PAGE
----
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Product Details

  • ISBN-13: 9780976123583
  • Publisher: Ampersand, Incorporated
  • Publication date: 8/18/2008
  • Edition description: AMPERSAND, INC.
  • Pages: 232
  • Product dimensions: 5.90 (w) x 8.90 (h) x 0.70 (d)

Customer Reviews

Average Rating 4.5
( 3 )
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Sort by: Showing all of 3 Customer Reviews
  • Anonymous

    Posted April 2, 2009

    taken from BookReview.com

    BOOK REVIEW RUINED By Jo Mullen. REVIEWER: Rod Clark. In her book, Ruined, Jo Mullen has drawn a powerful portrait of a bipolar man whose personality and sanity are rapidly disintegrating. It is a depiction that is both terrifying and instructive. The troubled individual is a man named Ben, who is the major stockholder of a construction company. . . The drama that unfolds is told from the perspective of his wife, Jessie. Although it is not specified, the book reads like nonfiction. Whether it is biography or not, the story itself is painfully real. Bipolar disorders affect significant numbers of our fellow citizens, and the consequences of this devastating disease impact spouses, families, friends, fellow workers and society at large. Perhaps the greatest strength of the book is the way in which, as Ben's volcanic angers become harder and harder to control, the author has the outside world display a craziness of it's own---producing stresses that even a strong, balanced personality would find difficult to cope with. As a contractor, Ben has received death threats, is surrounded by conniving business interests, and has large amounts of money stolen from his company. He has some people around him who are not trustworthy, including members of the security company that is supposedly protecting him from his enemies.

    Life isn't easy. We all live in a difficult world in which much of what confronts us is not of our own making and not under our control. All of us get stressed and angry sometimes, and it is not always easy to tell when the problem is internal and when it is external. Nevertheless, as Ben throws enraged tantrums again and again, totally out of proportion with circumstances, his wife begins to see that something is seriously wrong with him. Over a period of time, Ben's rages increase in number and severity, culminating in a number of violent incidents including one in which he threatens people with a gun. Finally Jessie has no choice but to have him committed, and put on medication to modify his behavior. The remainder of the story deals with Ben's release, rehabilitation, and the challenges Jessie faces as she struggles with Ben's illness and the economic and emotional carnage it ha left in its wake. The story ends with Ben's suicide and with Jessie coming to terms with his death, learning that blake serves no purpose except to inflict greater grief on the survivors.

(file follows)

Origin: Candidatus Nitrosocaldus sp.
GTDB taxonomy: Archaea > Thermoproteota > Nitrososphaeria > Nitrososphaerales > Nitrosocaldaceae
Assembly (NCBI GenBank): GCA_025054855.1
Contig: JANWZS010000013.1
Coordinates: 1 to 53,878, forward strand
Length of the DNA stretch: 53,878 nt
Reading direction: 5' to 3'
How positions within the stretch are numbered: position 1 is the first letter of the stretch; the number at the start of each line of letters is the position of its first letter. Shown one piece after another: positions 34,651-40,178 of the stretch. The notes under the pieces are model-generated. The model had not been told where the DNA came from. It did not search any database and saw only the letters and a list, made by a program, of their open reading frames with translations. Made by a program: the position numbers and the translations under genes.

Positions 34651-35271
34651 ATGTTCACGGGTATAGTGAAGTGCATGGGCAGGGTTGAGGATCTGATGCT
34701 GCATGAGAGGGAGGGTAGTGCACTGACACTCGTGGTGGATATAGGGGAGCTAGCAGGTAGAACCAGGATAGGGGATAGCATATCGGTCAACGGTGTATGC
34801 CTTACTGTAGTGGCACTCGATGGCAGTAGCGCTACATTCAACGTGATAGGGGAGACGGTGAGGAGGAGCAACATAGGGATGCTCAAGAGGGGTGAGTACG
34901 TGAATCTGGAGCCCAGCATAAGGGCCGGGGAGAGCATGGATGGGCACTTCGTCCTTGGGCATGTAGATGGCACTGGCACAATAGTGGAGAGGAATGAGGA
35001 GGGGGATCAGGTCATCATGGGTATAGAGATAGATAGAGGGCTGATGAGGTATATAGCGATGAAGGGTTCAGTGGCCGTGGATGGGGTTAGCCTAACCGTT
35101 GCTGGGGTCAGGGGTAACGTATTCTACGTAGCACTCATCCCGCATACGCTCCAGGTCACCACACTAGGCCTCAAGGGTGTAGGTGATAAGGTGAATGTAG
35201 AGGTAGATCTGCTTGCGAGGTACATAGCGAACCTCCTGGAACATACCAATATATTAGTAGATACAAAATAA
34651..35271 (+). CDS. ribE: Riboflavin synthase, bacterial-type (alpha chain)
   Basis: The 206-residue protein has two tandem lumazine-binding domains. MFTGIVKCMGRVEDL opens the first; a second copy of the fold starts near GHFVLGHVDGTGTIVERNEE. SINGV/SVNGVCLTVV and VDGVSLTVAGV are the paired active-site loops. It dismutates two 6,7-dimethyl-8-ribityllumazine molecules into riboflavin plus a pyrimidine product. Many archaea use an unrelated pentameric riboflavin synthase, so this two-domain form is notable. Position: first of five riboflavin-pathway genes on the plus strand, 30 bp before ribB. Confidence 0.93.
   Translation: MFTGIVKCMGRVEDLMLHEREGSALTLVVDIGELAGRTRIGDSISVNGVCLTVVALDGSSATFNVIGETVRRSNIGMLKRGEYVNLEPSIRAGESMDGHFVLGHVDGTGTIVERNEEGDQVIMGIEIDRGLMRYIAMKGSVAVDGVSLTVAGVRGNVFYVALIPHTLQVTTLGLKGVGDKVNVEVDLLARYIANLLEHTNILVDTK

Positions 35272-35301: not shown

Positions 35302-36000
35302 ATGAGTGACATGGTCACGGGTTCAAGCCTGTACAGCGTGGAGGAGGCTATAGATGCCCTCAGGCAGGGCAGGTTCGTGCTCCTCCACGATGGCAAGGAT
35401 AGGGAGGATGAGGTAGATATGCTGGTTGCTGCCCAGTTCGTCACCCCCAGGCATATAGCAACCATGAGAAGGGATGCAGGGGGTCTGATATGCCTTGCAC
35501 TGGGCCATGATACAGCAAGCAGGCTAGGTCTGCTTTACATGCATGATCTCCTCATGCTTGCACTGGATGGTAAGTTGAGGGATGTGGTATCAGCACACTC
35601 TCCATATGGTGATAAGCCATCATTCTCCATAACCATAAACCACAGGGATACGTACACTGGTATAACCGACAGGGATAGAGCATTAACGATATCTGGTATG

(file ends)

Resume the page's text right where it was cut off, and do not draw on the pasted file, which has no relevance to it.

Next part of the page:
Jessie displays immense courage and character throughout, and provides a positive model for how to cope with and help a difficult bipolar personality. On the flyleaf of the book, Author Jo Mullen gives invaluable advice: "To those with a mental illness and to those close to them. Get the best help you can as soon as possible, and don't take insults and bad behavior personally. They are a result of the illness . .. God bless us all." Anyone who is trying to cope with someone close to them with a bipolar disorder is sure to find value and wisdom in the book. (As posted on Book Review.Com)

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  • Anonymous

    Posted November 19, 2008

    This is a great book

    This is a great book

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  • Anonymous

    Posted December 2, 2008

    No text was provided for this review.